%where the $S_i$ and $G_i$ are the pixel values for the best-fitting galaxy and
%star models, respectively.

\subsection{Astrometry and {\tt WORLD} coordinates}
\label{astrom}
All {\sc SExtractor} measurements related to positions, distances and
areas in the image, like those described above can also be expressed
in {\tt WORLD} coordinates in the output catalog. These parameters
simply have the {\tt \_WORLD} suffix instead of the {\tt \_IMAGE}
appended to them. The conversion from {\tt IMAGE} to {\tt WORLD}
coordinates is presently performed by using information found in the
FITS header of the {\em measurement} image, even if the parameter is
originally computed from the {\em detection} image (like the basic
shape parameters for instance).

To understand how this is done in practice, let's have a general look
at the way the mapping from {\tt IMAGE} to {\tt WORLD} coordinates is
currently described in a FITS image header. First, a linear
transformation (involving most of the time only scaling and possibly
rotation, and more rarely shear) allows one to convert integer pixel
positions (1,2,...) for each axis to some projected'' coordinate
system. This is where you might want to stop if your {\tt WORLD}
system is just some kind of simple focal-plane coordinate-system (in
meters for instance), or for a calibrated wavelength axis (spectrum).
Now, the FITS WCS (World Coordinate System) convention allows you to
apply to these projected coordinates'' a non-linear transformation,
which is in fact a de-projection back to local'' spherical
(celestial) coordinates. Many types of projections are allowed by the
WCS convention, but the traditional tangential (gnomonic) projection
is the most commonly used. The last step of the transformation is to
convert these local coordinates, still relative to a projection
reference point, to an absolute position in celestial longitude and
latitude, for instance right-ascension and declination. For this one
needs to know the reference frame of the coordinate system, which
often requires some information about the equinox or the observation
date. At this level, all transformations are matters of spherical
trigonometry.

\subsubsection{Celestial coordinates}
We will not describe here the transformations $(\alpha,\delta) = f(x,y)$ themselves. {\sc SExtractor} de-projections rely on the WCSlib
2.4 written by Mark Calabretta, and all the details concerning those
can be found in Greisen \& Calabretta (1995). In addition to the {\tt
\_WORLD} parameters, 3 purely angular world'' coordinates are
available in {\sc SExtractor}, expressed in decimal degrees:
\begin{enumerate}
\item{}{\tt \_SKY} coordinates: strictly identical to {\tt \_WORLD} coordinates, except that
the units are explicitely degrees. They correspond to sky coordinates in the
native'' system without any precession correction, conversion, etc.
\item{}{\tt \_J2000} coordinates: precession corrections are applied in the FK5 system to
convert to J2000 coordinates if necessary.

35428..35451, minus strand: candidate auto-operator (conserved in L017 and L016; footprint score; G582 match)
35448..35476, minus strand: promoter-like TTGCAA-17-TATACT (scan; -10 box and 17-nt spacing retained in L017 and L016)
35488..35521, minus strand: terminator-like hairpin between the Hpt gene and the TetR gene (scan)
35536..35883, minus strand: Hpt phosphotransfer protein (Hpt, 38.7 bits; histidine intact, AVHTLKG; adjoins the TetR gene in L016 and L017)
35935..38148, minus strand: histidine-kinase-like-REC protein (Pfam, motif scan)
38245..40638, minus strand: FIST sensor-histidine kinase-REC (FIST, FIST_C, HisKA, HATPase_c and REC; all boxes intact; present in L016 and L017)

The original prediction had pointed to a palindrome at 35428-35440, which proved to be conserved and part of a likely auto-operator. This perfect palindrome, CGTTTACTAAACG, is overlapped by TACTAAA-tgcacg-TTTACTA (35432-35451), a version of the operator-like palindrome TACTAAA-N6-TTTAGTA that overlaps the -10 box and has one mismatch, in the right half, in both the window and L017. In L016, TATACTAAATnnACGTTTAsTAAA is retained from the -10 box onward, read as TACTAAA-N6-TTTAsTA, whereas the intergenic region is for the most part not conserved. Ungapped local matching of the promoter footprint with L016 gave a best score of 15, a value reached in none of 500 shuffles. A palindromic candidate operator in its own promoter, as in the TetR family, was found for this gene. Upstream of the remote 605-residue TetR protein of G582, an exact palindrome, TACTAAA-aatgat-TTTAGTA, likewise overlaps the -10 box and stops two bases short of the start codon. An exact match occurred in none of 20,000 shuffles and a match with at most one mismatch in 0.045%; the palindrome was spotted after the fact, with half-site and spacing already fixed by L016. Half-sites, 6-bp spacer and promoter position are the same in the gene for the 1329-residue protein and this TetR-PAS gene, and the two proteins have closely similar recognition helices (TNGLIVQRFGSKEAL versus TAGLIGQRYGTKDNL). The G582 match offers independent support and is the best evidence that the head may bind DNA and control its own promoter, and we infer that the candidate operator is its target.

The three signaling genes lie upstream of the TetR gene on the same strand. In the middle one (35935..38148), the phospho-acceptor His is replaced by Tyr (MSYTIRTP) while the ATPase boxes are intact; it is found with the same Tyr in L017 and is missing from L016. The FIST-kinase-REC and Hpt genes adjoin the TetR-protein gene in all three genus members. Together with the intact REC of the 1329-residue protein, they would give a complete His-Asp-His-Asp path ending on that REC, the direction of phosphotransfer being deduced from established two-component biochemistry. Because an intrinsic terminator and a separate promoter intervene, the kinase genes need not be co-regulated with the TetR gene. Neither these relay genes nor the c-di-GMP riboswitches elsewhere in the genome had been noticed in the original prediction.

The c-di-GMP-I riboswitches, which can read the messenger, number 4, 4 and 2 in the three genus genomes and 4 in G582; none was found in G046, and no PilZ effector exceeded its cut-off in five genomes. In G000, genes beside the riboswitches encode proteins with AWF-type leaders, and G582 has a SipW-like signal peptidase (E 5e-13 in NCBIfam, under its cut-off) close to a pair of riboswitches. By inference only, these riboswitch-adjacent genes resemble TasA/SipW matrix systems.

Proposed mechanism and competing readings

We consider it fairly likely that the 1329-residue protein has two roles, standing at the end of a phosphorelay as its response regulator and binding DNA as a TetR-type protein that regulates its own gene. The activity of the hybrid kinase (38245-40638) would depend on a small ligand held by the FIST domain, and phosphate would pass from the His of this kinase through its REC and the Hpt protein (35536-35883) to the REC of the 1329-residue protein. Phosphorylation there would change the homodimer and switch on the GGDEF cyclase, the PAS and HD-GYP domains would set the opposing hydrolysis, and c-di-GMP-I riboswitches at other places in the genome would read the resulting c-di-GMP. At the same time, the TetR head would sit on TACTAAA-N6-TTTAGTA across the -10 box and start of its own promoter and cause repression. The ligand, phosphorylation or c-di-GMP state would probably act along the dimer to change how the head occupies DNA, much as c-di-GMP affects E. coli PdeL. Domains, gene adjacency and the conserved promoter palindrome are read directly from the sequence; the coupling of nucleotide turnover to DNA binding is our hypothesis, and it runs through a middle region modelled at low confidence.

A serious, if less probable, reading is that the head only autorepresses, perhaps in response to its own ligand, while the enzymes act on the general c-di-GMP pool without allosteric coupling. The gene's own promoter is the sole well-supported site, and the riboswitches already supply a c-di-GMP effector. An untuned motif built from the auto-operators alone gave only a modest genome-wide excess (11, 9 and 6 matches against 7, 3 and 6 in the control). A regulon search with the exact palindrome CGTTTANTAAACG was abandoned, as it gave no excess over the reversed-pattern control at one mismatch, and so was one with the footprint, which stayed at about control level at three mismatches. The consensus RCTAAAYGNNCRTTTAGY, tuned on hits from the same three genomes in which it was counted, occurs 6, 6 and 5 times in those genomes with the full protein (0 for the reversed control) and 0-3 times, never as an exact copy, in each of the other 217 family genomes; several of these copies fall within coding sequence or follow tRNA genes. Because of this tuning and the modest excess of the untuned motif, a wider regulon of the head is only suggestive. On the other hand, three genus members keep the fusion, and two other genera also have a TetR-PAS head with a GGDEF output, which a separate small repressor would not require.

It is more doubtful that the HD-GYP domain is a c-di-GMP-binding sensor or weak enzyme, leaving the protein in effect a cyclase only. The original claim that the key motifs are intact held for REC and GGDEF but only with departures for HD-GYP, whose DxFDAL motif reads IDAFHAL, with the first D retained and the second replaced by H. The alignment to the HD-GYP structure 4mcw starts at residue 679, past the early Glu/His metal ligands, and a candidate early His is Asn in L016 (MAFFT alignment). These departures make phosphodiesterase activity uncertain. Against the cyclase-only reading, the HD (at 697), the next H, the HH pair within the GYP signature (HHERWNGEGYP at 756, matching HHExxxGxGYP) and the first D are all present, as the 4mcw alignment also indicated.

\item{}{\tt \_B1950} coordinates: precession corrections are computed in the FK5 system and
transformation to B1950 is applied.
\end{enumerate}

Transformation to J2000 or B1950 is done without taking into account
proper motions, which are obviously unknown for the detected objects.
In both cases, epoch 2000.0 is assumed.

Here is a list of catalog parameters currently supporting angular coordinates:

{
%\tiny
\scriptsize
\tabcolsep 3pt
\begin{tabular}{lll}
Image  parameters & World parameters & Angular parameters \\
\hline
{\tt X\_IMAGE}, {\tt Y\_IMAGE} & {\tt X\_WORLD}, {\tt Y\_WORLD} & {\tt
ALPHA\_SKY}, {\tt DELTA\_SKY} \\
& & {\tt ALPHA\_J2000}, {\tt DELTA\_J2000} \\
& & {\tt ALPHA\_B1950}, {\tt DELTA\_B1950} \\
{\tt XWIN\_IMAGE}, {\tt YWIN\_IMAGE} &
{\tt XWIN\_WORLD}, {\tt YWIN\_WORLD} &
{\tt ALPHAWIN\_SKY}, {\tt DELTAWIN\_SKY} \\
& & {\tt ALPHAWIN\_J2000}, {\tt DELTAWIN\_J2000} \\
& & {\tt ALPHAWIN\_B1950}, {\tt DELTAWIN\_B1950} \\
{\tt XPEAK\_IMAGE}, {\tt YPEAK\_IMAGE} & {\tt XPEAK\_WORLD}, {\tt
YPEAK\_WORLD} & {\tt ALPHAPEAK\_SKY}, {\tt DELTAPEAK\_SKY} \\
& & {\tt ALPHAPEAK\_J2000}, {\tt DELTAPEAK\_J2000} \\
& & {\tt ALPHAPEAK\_B1950}, {\tt DELTAPEAK\_B1950} \\
{\tt X2\_IMAGE}, {\tt Y2\_IMAGE}, {\tt XY\_IMAGE} &
{\tt X2\_WORLD}, {\tt Y2\_WORLD}, {\tt XY\_WORLD} &\\
{\tt X2WIN\_IMAGE}, {\tt Y2WIN\_IMAGE}, {\tt XYWIN\_IMAGE} &
{\tt X2WIN\_WORLD}, {\tt Y2WIN\_WORLD}, {\tt XYWIN\_WORLD} &\\
{\tt CXX\_IMAGE}, {\tt CYY\_IMAGE}, {\tt CXY\_IMAGE} &
{\tt CXX\_WORLD}, {\tt CYY\_WORLD}, {\tt CXY\_WORLD} &\\
{\tt CXXWIN\_IMAGE},{\tt CYYWIN\_IMAGE},{\tt CXYWIN\_IMAGE} &
\multicolumn{2}{l}{{\tt CXXWIN\_WORLD}, {\tt CYYWIN\_WORLD}, {\tt CXYWIN\_WORLD}} \\
\hline
\end{tabular}
}

{\bf TBW}

\subsubsection{Use of the FITS keywords for astrometry}
{\bf TBW}

\subsection{Photometry}
\label{photometry}
{\sc SExtractor} has currently the possibility to compute four types of
magnitude: isophotal, {\em corrected-isophotal}, fixed-aperture and
{\em adaptive-aperture}. For all magnitudes, an additive zero-point''
correction can be applied with the {\tt MAG\_ZEROPOINT} keyword.
Note that for each {\tt MAG\_XXXX}, a magnitude error estimate {\tt MAGERR\_XXXX},
a linear {\tt FLUX\_XXXX} measurement and its error estimate {\tt FLUXERR\_XXXX}
are also available.

\paragraph{Isophotal magnitudes} ({\tt MAG\_ISO}) are computed simply, using the
detection threshold as the lowest isophote.